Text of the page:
How to brief a photographer for a design project

It’s rare that a design project doesn’t involve some photography. We’re huge advocates of using your brand’s unique images in design projects. Commissioning your own photographs is an investment worth making. You can brief the photographer to provide imagery that conveys the brand message and speaks directly to your ideal client. Your potential customers will connect with your images in a way that just isn’t possible with stock images.

Whether you’re embarking on a print or digital project, there are some common considerations. The biggest of which is to involve your designer right at the beginning. Discussing the photographic brief with your designer will ensure you have an excellent selection of suitable images with fewer compromises.

Writing creative briefs isn’t easy but when you know what information to include it gets a whole lot simpler. Below, you’ll find all the information you need to write photography briefs for an A4 brochure and a website, along with downloadable examples for each.

How to brief a photographer

Stock images like the one above have their place, but that’s a topic for a different article.

Photography brief for an A4 brochure

Provide your photographer with the following:

A short overview of the brand message

  • What are you aiming to convey with this project?
  • This will help the photographer keep this at the forefront of their mind during the shoot.
  • Your brand style guidelines.

The specs of the brochure

  • The size (e.g. A4) and the orientation (portrait or landscape) of the piece.
  • An estimation of the number of pages (so they can judge how many photos may be required)
  • Cover images: ideally, a selection of images to choose from (e.g. several group shots in a portrait orientation with some space above and below for text).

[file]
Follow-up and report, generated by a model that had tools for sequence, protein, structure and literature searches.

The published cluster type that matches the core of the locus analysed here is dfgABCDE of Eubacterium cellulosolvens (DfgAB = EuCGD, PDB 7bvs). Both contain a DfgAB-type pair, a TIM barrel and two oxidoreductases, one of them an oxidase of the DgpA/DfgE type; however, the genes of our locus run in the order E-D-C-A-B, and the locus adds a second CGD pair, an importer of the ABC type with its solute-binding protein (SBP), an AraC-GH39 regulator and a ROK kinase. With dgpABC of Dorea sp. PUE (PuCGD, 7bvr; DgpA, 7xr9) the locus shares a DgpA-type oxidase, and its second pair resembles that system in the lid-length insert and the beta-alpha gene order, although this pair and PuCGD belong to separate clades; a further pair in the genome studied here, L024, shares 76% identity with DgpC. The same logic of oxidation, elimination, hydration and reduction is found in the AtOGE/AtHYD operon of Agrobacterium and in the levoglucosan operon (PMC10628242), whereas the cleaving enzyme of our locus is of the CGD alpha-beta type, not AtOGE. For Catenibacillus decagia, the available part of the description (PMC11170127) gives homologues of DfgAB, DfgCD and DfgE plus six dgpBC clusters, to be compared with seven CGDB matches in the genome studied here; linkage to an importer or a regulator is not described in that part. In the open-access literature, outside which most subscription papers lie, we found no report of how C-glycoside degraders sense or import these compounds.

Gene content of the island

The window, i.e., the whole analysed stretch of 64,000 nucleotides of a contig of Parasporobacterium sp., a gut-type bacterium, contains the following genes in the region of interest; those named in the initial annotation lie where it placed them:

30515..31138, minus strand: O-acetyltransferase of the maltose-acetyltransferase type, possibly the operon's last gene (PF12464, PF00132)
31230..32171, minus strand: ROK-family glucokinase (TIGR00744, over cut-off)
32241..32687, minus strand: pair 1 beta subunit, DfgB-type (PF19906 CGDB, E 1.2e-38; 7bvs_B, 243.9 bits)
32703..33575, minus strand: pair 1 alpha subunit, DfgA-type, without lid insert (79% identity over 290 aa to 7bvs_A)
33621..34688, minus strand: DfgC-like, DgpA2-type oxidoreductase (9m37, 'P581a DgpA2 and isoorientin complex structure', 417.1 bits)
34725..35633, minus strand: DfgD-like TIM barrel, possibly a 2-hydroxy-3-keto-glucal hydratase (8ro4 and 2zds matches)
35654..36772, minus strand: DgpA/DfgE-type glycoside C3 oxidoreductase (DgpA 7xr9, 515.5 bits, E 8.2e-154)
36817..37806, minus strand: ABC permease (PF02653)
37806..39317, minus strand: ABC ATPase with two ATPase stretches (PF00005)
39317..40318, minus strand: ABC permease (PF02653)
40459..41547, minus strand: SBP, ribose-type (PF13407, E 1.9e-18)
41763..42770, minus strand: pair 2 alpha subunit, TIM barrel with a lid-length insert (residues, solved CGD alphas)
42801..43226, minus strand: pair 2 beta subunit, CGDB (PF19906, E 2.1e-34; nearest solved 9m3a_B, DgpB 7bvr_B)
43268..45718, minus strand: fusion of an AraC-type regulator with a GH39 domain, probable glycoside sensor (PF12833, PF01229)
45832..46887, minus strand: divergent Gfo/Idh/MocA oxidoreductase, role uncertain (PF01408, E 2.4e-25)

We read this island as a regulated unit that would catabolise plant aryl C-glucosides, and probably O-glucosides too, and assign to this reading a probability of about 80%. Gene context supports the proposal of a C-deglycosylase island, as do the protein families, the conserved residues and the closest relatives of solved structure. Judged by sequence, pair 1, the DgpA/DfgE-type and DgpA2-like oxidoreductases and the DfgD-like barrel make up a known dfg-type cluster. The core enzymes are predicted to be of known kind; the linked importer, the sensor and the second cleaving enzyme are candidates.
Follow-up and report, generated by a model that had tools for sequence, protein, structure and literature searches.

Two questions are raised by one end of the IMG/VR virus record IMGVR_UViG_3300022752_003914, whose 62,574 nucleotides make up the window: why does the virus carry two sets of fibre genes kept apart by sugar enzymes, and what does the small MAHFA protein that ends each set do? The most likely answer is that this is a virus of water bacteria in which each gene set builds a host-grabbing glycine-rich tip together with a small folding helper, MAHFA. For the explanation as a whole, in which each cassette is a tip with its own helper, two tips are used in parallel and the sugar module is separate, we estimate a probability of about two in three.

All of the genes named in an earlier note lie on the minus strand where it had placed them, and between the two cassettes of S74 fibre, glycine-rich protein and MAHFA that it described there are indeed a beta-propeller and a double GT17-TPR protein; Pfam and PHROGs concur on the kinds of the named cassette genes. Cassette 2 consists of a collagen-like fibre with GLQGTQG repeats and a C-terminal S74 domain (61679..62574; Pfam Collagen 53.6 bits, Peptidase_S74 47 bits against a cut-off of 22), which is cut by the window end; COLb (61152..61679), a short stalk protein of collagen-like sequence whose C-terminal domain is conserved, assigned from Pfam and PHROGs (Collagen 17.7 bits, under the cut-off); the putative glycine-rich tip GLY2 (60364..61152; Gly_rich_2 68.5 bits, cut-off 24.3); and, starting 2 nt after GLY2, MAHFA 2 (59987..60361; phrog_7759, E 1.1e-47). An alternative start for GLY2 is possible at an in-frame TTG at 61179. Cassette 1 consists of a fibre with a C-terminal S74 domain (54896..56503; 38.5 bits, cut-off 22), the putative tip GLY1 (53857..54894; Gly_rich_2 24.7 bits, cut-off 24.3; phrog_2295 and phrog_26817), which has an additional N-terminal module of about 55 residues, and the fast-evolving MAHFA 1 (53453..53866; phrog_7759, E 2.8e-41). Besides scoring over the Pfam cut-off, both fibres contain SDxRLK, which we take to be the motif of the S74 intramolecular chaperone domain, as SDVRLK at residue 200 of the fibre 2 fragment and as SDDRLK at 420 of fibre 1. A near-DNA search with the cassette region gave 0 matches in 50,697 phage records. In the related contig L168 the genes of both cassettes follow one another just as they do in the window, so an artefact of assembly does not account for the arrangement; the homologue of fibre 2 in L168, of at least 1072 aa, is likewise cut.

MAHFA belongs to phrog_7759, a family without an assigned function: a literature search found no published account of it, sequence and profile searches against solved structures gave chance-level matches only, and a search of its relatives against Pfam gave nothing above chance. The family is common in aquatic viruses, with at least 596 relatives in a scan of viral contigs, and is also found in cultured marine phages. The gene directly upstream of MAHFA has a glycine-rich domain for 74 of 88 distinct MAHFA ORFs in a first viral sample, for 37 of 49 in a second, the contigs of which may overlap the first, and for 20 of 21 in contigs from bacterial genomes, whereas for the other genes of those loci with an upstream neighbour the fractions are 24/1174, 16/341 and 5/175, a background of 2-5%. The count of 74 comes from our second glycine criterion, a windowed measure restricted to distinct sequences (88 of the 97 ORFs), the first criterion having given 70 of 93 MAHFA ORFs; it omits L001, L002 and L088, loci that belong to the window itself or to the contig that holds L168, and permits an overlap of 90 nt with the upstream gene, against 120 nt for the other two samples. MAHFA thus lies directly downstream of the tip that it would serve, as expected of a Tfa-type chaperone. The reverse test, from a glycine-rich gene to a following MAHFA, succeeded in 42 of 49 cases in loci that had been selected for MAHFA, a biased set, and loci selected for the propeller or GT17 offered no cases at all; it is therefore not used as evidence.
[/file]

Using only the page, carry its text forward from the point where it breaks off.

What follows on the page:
• Spread images: also landscape orientation images for the inside spreads (to cover both left and right-hand sides of the spread).
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Demographics of the subjects

  • Specify ratios of male/female, ages, nationalities you need.
  • Make them aware of any sensitive topics or issues.
  • A suitable group of subjects.
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Composition guidance

  • Do you need a number of images with minimal or plain backgrounds?
  • Or designated areas of whitespace for editorial text to be overlaid on top.
    (It is difficult to have text on top of an image with varying degrees of contrast.)
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Lighting and colour guidance

  • Let them know your preference for light or dark, and if you want the contrast to be soft or hard.
  • If you have prominent colours in your brand’s visual palette, advise if you want photos with a colour theme.
  • State if you need muted or vibrant tones.
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Examples of what you’re looking for (or wanting to avoid)

  • Photographers are visual folk, help them by showing them what you like and what you don’t like. Your designer will help you with this.
  • Be as specific as possible here.
  • And any other relevant pointers specific to this piece of marketing collateral.

Photography brief for a website

Provide your photographer with the same information as above, but include the following (to replace ‘The specs of the brochure’):

Hero images